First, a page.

Here's a reason NOT to ignore the perfmon 'LogicalDisk(*)\Current Disk Queue Length' metric: it is among very few ways of diagnosing a particularly punishing performance condition. (I got another one that's a slight variation on this theme, coming in a few days.)
Windows allows up to 256 outstanding disk IO operations per host (or VM guest) LUN. For fibre channel LUNs, the HBA defines a LUN queue depth within that number. Typical default is a fibre channel LUN queue depth of 32.
That means that at any given time, there may be up to 32 in-flight IO operations in the host LUN service queue, with up to an additional 224 (for a total of 256) in an OS wait queue. The IO requests in the OS wait queue will go into the service queue as slots open, and the total service + wait queue depth of 256 will keep additional IO requests at bay if need be.
What if there are 32 or more cores on the server with a data-hungry workload, with many threads interested in the same LUN at the same time? Chances of overflowing the service queue queue depth of 32 are quite high. (Actually, that's true for SQL Server as soon as there are 8 or more physical cores - with or without hyperthreading - and a busy enough workload... but I digress.)
OK... well, increasing the LUN service queue depth on the Windows server HBA can be fairly easy. And more parallel in-flight IO should increase throughput - which should allow increased CPU utilization and higher throughput of logical database work, assuming the same data-hungry workload - right? Sure, latency would be expected to rise... but as long as the application is on the data-hungry side of the spectrum, instead of the latency-sensitive side, everything should be dandy!
Except when its not. And the QFULL message is an example of when it is not.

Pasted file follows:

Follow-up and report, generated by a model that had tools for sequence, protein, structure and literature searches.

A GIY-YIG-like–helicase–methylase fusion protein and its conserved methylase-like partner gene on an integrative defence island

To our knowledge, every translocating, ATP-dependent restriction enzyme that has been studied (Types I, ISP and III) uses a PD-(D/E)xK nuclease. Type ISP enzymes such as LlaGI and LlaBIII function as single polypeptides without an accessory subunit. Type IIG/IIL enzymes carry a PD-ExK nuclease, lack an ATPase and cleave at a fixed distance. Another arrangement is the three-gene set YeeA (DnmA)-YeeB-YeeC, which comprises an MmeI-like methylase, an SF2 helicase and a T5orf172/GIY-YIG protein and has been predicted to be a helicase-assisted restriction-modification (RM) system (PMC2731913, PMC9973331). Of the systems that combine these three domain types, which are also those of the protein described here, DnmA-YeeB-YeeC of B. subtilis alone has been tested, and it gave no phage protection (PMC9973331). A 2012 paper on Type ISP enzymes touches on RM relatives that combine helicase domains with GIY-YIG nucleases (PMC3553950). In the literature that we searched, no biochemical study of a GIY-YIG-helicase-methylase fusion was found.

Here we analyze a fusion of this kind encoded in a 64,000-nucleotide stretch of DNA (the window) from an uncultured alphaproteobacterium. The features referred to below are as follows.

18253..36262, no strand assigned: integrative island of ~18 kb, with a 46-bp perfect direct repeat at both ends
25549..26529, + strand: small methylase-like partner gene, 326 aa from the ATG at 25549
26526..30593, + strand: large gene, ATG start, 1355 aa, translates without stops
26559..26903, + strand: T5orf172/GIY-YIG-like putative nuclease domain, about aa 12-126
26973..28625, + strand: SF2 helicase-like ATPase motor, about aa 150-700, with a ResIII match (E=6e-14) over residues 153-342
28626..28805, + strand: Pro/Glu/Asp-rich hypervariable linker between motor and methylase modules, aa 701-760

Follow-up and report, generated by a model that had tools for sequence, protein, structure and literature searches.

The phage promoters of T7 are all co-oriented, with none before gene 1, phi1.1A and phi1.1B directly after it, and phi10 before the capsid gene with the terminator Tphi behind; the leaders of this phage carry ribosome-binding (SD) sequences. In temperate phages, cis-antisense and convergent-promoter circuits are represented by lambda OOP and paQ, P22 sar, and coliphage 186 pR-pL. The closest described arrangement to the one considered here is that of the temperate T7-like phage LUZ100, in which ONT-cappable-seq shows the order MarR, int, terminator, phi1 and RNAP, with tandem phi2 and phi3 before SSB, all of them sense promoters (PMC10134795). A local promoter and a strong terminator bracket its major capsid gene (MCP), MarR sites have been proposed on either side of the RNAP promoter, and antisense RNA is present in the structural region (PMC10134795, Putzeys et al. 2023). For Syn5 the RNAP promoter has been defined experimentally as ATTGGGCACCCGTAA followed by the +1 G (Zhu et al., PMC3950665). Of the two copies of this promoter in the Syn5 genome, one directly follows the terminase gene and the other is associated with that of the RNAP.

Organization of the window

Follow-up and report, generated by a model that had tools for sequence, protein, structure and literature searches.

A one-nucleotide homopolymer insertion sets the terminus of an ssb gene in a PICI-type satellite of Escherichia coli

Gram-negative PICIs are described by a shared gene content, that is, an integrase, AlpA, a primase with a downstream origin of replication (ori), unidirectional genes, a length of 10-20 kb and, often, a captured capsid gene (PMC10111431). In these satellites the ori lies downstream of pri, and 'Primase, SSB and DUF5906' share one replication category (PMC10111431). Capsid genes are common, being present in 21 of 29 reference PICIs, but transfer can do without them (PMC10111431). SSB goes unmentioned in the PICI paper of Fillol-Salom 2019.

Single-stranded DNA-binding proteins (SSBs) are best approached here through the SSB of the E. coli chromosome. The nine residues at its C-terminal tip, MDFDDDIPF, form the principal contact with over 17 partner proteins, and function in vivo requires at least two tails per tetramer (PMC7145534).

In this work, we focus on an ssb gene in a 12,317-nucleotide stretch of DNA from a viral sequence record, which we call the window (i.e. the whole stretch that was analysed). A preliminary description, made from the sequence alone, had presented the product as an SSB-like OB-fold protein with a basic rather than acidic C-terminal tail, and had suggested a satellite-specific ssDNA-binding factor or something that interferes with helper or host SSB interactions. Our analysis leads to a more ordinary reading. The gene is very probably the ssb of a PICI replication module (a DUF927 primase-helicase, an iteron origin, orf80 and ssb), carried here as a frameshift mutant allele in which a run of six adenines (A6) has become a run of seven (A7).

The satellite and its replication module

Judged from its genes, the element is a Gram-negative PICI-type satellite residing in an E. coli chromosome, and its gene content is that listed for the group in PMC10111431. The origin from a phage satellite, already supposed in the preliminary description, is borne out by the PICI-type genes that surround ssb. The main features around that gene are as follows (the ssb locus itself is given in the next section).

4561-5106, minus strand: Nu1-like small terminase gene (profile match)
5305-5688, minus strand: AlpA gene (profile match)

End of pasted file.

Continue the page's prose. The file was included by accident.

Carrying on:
The QFULL message from a storage array is a means of telling the connected server(s) to hold some horses. In the old days, when command queues for storage array ports or other elements overflowed, it was possible to crash the array OS. Perhaps that's still possible - I haven't heard of that particular type of failure in quite some time. But QFULL messages can still be sent from a front end port on a storage array that has a full command queue - or, more likely when the command queue for an array LU (the array object corresponding to the server host's LUN) is full with additional commands coming in.
That's tricky. In some cases, an array LU has a documented maximum command queue depth. If documented, the max may be a specific number, or it may be based on the number of underlying storage devices in the LU.
There are two somewhat common ways that a given system can be set up for this trouble: the LUN queue depth on the server HBA may be deeper than the command queue for the corresponding LU. The problem wouldn't necessarily be immediately apparent in such a case, but once the LUN service queue length gets long enough that the LU command queue overflows, the array would return a QFULL message. Then the host activity is at the mercy of the response of the host OS/guest OS/fibre channel driver response to the QFULL condition.